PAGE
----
Senator Lankford Offers Amendment to Reform Land and Water Conservation Fund
Lankford: “we're not taking care of what we have”
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WASHINGTON, DC– Senator James Lankford (R-OK) today delivered a speech on the Senate floor on the Energy Policy Modernization Act of 2016 and his amendment (#3210) to reform the broken Land and Water Conservation Fund (LWCF). Specifically, the amendment would require spending on land acquisition to not exceed spending on maintenance; require that land acquisitions funded through the LWCF include funding for maintenance needs on the land to be acquired; and require Congressional authorization for acquisitions under LWCF that cost more than $50,000 per acre.
There are a lot of good things in this bill that we're discussing. A lot of good amendments that have been brought to the floor. There's been an awful lot of conversation over the past year about a program called the Land and Water Conservation fund. It's a straightforward program. It's been around for a long time. It takes money from revenue from offshore oil drilling and uses that money to purchase up land usually next to a national park or other areas that become federal land. The problem is over the decades, we continue to accumulate more money in the land and water conservation fund and we continue to accumulate more land into the federal roll but we're not taking care of what we have.
The issue with this particular version of the Land and Water Conservation Fund is it's not a short-term extension like it's always been in the past. It's a permanent program that's put into place. Permanent meaning there are no changes. So permanently we put in a structure that continues to purchase federal lands without maintaining those lands. We all know it. We all see it. Year after year everyone said we should add more to maintenance but year after year we actually just buy more land using the conservation fund and never use other budget funds for maintenance because quite frankly there are a lot of other vital federal issues that need to be paid for.
So the simple solution to this is take the money from the Land and Water Conservation Fund and make sure that one simple thing is done. When we purchase land, we also maintain that land with that funding. We also take care of the backlog. This amendment's very straightforward that we use 50 percent to purchase land, 50 percent to maintain land until at least we get down to a $1 billion backlog. And then we can consider $1 billion backlog is the goal. And in some ways this has become controversial, which I can't believe it would be controversial to say let's try to work our nation down to only $1 billion backlog in our maintenance for all of our federal facilities.
Now we have record attendance at our national parks, and they are beautiful national treasures. But if we can't maintain them, then we reinforce what is already true: that the federal government is the largest landowner, largest land controller and the worst landowner in the country. Federal lands are maintained the least of any other large holder of land. Let's fix it. This doesn't take away the Land and Water Conservation Fund. This makes sure that we take care of what we have. And it also answers one simple question. When we purchase land and bring it in, we make sure that we set aside money at that moment also make sure we can fix it. Quite frankly, it's fairly straightforward.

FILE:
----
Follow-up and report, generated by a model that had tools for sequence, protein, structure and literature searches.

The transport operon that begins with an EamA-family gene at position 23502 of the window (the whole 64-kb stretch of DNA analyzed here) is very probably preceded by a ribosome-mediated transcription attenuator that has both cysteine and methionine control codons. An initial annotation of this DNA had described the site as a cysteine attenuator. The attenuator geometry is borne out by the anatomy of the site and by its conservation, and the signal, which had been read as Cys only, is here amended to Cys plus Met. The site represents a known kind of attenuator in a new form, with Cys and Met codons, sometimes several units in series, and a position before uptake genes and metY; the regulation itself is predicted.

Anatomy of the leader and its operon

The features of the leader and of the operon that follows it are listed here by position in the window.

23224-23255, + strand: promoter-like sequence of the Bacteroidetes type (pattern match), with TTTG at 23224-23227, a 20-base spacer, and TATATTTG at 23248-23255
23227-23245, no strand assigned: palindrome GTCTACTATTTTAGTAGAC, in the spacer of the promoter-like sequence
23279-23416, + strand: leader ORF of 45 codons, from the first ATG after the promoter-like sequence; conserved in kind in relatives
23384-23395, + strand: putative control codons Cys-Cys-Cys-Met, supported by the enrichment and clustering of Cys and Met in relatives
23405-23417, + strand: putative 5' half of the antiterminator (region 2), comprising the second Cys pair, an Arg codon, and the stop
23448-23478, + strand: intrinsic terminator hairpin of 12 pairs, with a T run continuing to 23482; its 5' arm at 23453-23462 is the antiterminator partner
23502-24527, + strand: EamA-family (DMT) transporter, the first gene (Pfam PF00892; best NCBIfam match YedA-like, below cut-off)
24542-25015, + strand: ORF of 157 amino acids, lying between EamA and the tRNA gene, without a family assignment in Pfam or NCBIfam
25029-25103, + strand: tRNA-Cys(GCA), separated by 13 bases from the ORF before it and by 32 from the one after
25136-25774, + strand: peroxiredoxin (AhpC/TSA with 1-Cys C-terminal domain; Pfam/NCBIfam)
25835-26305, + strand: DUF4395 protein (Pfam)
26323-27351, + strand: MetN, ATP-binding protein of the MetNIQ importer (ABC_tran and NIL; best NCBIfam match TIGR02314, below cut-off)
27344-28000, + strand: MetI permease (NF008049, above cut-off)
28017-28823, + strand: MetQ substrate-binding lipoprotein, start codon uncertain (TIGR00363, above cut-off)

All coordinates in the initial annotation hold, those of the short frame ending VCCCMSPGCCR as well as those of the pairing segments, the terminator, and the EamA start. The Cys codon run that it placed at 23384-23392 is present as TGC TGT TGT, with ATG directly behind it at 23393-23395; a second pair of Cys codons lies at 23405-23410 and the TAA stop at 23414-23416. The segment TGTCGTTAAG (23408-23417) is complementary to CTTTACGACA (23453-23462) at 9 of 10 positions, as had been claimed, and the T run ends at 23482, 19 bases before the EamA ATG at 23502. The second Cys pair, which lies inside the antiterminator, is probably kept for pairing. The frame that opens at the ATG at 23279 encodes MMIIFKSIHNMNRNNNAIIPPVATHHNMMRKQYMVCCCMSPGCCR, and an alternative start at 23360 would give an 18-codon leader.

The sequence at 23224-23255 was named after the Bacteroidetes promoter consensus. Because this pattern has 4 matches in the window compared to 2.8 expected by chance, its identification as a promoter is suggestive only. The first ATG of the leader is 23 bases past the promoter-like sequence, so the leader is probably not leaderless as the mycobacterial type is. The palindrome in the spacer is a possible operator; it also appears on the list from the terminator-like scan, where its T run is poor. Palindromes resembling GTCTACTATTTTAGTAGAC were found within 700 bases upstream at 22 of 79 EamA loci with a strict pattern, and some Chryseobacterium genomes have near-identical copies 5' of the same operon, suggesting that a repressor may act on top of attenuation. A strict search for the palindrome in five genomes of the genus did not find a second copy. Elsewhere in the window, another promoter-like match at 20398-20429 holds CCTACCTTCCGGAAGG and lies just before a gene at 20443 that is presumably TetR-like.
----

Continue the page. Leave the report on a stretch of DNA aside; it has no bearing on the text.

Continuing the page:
Mr. President, today my daughter turned 16 years old. She will at some point get a used car. I'm sure it will be a doozy, we're thinking somewhere around a 1978 Volvo, nice and tough, indestructible. At some point she'll end up with a used car. But the requirements for her in that used car, she has to be a part of the purchase of it. When we buy that car we're not going to use everything in our savings account nor allow her to use everything in her savings account to buy it. She has to have enough money to be able to put gas in it and to be able to maintain it when it breaks down because it's a car, it will break down.
This change in the Land and Water Conservation Fund is no more simple than that. Whenever we put new land in the inventory, we make sure that we have money set aside to make sure we can actually take care of it. Why have a car if you can't put gas in it. Why continue to add land year after year after year if we're not going to maintain it? That's not good stewardship of our resources. That's bad stewardship of our resources. This amendment says before we make this program permanent, let's fix the structure of this program to make sure that we're also watching out for the program long-term as well.
One other quick note…. some of the land that has been purchased has been purchased for very high amounts like $1 million an acre type amounts. This puts a simple block in it to say before you get a purchase of a land more than $50,000 an acre, run that back through Congress to make sure someone has had a second look at that. It is a straightforward thing to make sure the federal taxpayer is not paying more than they should per acre for land that will be put in the federal inventory. I would urge the adoption of this amendment. This doesn't kill the program. This enhances the program. It allows us to take better care of our federal land and to engage with that. With that, Mr. President, I would yield the floor.
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